I now pronounce you … in need of a plan.

I tracked the RSVPs for my daughter’s May wedding like a hawk. During the several-week period when people’s responses were arriving in my mailbox, I would fastidiously add the “number accepted” or “number declined” to the Google doc my daughter and I were using to track the final attendance tally. I was ever mindful of how the ultimate catering estimate changed with the numbers.

The final count was due to the caterer five days before the wedding. 

On the due date, I emailed the caterer and told her the number I (the payer) had decided upon.

The response back from the caterer? “The coordinator said [insert different (and higher) number here].”

That moment paralleled many interactions I have experienced in my professional life: the moment you have to figure out who is in charge.

I sent the caterer a final email, copied my daughter and the wedding coordinator, and extricated myself from almost all of the wedding communications loop so there would be no further confusion.

A wedding is much like a project implementation (but with cake at the end)

I was talking recently with an acquaintance who began working at my previous employer after I left. He referred to a recent tech procurement the organization went through, similar to one I did several times when I was there. It is not an exaggeration to say that one particular procurement experience was among the five hardest professional times of my life. 

I said, “What these procurement/implementations all need is an impartial party keeping the whole thread together—someone whose job it is to make it work but who isn’t emotionally attached to any of the stakeholders.” 

Prior to hiring a wedding coordinator, I had thought our family could put this whole event together on our own. My daughter is scrupulously well organized. My husband and I are not strangers to organizing events. How hard could it be?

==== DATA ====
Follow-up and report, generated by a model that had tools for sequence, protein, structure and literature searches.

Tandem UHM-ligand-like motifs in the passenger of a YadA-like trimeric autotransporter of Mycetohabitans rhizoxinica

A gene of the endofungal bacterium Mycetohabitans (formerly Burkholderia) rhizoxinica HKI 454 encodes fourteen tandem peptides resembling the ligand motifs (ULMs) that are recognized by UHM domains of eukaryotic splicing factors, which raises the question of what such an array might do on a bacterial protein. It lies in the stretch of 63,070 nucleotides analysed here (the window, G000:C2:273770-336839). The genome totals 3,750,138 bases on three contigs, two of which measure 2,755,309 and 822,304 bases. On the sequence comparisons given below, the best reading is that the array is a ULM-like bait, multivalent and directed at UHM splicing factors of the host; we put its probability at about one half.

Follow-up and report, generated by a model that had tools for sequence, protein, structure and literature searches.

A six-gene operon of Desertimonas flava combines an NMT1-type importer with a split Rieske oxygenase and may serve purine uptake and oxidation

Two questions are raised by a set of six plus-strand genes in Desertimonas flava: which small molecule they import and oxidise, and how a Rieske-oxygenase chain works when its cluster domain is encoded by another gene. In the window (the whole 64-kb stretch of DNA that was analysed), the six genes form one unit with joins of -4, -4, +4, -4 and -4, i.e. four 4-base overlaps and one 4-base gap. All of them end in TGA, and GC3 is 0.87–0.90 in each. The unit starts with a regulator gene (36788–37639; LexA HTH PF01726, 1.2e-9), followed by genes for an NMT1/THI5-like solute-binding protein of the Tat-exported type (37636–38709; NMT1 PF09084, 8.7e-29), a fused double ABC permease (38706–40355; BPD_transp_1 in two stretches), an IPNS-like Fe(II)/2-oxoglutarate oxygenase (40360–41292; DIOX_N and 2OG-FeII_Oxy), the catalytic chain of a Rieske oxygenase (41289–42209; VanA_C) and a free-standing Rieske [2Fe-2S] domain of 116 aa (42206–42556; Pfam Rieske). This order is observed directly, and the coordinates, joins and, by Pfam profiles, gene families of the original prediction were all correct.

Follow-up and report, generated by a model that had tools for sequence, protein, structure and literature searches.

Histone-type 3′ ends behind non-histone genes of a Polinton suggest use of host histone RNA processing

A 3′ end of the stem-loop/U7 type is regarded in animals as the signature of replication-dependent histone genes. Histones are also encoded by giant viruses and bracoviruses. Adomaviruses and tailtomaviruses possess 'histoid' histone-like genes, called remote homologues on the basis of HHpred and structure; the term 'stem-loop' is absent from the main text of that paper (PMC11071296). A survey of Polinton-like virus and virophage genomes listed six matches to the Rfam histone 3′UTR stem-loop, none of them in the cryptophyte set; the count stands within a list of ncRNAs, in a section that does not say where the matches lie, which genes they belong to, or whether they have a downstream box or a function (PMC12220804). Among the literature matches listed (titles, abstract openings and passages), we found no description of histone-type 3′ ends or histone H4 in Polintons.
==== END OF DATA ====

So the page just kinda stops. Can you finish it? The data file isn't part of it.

Now that I am on the other side of the process, I see how our coordinator (Rachel) was that “thread.”

She had the time and expertise to be a sounding board for my daughter as the big day approached.

She was persistent in confirming the vendors.

She reminded the groomsmen to bring socks (you’d be surprised).

She told everyone where to stand as part of the wedding party, how to walk in, how to line up, what to do if a ring bearer or flower girl wandered.

Weddings aren’t just about love

You don’t have to have a big wedding to be legally married (I didn’t). But this was my daughter’s dream, and it was important to me to get it right. 

When I think back on the uber-stressful procurement I was talking with my acquaintance about, I see the parallels. 

In the procurement situation, my organization saw things through the filter of the families we served and their needs; the incoming vendor saw the directive to meet deliverables.

Just like a bride’s family is too busy to keep a cadre of vendors in line (and also possibly too unobjective due to family relationships, etc.) and too attached to their ideas of how things should go to take a step back and stick with the original script, you have to have someone who cares about doing a good job but doesn’t care quite as much about what anyone thinks.

In saying “I do,” just like in saying “let’s get this job done,” it’s OK to have someone in the mix who prioritizes checking boxes over sentiment.

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